Monday 26 September 2016

Leinster still expect over 40,000 for Croke Park double-header despite Euro 2016 clash

Published 24/06/2016 | 02:30

Croke Park, Dublin. Photo: Ramsey Cardy/Sportsfile
Croke Park, Dublin. Photo: Ramsey Cardy/Sportsfile

Leinster Council chairman John Horan has defended the decision to put back the starting times of the their provincial football semi-finals on Sunday by more than two hours to accommodate supporters wishing to see the Ireland-France Euro 2016 clash in Lyon.

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Horan said they took the decision to facilitate the 35,000 supporters who had already bought tickets for the games but may wish to see Ireland-France (which kicks off 2.0) more than anything else.

The GAA routinely put league games up against big Six Nations rugby matches but Horan cited different circumstances here.

"A Six Nations is a routine tournament, this is more an international tournament," he explained.

"This was done to facilitate the 35,000 people who have actually bought tickets to go to Croke Park. We didn't want them to feel disgruntled. This doesn't impact on anyone else. Anyone else can change channels and watch what they want."

The second half of the Ireland-France game will be shown on the big screens in Croke Park ahead of the 4.15 throw-in for Westmeath and Kildare.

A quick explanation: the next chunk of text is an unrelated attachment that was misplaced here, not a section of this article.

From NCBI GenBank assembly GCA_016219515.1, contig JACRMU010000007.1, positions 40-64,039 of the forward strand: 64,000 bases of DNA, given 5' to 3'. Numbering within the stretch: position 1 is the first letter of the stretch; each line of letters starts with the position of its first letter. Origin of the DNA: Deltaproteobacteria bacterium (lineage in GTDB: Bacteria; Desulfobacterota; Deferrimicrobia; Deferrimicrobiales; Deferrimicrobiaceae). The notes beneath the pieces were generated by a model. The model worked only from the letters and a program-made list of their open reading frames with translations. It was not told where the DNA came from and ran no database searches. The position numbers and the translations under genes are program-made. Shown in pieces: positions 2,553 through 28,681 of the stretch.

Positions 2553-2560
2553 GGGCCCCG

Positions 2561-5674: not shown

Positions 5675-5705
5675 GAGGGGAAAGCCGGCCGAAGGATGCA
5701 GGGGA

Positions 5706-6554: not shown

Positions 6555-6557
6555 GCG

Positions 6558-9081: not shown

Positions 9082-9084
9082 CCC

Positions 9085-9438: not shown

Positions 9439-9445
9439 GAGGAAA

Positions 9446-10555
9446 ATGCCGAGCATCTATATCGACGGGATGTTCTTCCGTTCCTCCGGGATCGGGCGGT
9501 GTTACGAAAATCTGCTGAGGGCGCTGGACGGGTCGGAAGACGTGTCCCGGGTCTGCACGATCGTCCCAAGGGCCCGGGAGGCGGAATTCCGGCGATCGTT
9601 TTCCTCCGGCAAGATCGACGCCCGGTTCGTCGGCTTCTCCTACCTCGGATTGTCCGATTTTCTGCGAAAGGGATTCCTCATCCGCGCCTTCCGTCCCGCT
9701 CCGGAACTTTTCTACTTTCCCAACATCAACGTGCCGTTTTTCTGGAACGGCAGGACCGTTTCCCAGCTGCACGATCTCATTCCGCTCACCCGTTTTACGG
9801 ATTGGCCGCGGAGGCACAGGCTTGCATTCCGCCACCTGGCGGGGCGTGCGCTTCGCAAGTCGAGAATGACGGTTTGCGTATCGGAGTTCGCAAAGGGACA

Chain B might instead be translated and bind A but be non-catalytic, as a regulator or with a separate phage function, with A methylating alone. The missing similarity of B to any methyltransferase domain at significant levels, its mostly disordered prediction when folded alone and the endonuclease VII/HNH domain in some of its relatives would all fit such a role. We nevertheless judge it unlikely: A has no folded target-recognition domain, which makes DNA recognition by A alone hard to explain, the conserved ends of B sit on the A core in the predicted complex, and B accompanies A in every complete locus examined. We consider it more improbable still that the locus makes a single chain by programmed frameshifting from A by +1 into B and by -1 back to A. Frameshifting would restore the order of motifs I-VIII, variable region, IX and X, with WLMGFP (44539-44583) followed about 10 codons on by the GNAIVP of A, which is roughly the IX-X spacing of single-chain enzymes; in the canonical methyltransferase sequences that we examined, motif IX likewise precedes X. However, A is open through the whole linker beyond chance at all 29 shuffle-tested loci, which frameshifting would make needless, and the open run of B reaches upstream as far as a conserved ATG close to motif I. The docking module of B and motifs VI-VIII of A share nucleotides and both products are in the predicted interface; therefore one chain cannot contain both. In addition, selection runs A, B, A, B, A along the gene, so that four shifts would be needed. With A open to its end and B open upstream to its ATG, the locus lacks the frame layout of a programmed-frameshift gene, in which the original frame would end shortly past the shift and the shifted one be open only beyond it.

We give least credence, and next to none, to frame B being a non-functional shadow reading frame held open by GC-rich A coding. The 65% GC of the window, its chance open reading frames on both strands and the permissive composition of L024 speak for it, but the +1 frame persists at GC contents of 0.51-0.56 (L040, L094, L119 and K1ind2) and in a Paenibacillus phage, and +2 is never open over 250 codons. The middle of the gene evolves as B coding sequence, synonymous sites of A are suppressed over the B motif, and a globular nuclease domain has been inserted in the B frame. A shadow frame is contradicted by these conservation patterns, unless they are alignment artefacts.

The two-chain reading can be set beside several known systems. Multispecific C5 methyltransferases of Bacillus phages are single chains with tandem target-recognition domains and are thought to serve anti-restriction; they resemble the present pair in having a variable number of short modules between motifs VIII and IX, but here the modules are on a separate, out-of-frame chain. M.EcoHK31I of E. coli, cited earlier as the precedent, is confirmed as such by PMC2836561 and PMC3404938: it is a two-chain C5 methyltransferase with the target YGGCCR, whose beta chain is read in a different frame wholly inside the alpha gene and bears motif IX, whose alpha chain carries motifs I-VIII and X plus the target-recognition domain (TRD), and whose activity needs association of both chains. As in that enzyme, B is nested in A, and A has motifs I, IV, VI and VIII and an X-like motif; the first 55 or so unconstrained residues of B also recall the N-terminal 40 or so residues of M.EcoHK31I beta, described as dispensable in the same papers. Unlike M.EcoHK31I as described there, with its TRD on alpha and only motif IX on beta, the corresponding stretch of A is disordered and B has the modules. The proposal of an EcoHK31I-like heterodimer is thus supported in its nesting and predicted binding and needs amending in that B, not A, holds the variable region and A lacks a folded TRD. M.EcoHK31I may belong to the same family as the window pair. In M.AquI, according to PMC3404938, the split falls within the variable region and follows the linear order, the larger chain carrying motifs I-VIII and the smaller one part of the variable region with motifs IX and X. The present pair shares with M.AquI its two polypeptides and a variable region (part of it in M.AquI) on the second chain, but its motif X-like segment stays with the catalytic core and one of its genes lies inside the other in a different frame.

Dublin and Meath has been timed for a 6.35 start to facilitate RTE 1 TV schedules that incorporate the airing of the Angelus and the regular news slot.

Horan said the provincial body moved quickly to avoid "a vacuum and debate" and felt the decision was been received very well.

"So far the feedback has been positive," he said.

"It is a national team. I think GAA people, by their nature, have a broad interest in all sports. You'll find a lot of soccer people won't want to know a lot about GAA or rugby but GAA people love to know about every sport going," he claimed.

Horan feels that those who have bought tickets already will still travel and that they are hopeful of a crowd upwards of 40,000 despite the soccer match going off earlier.

Irish Independent

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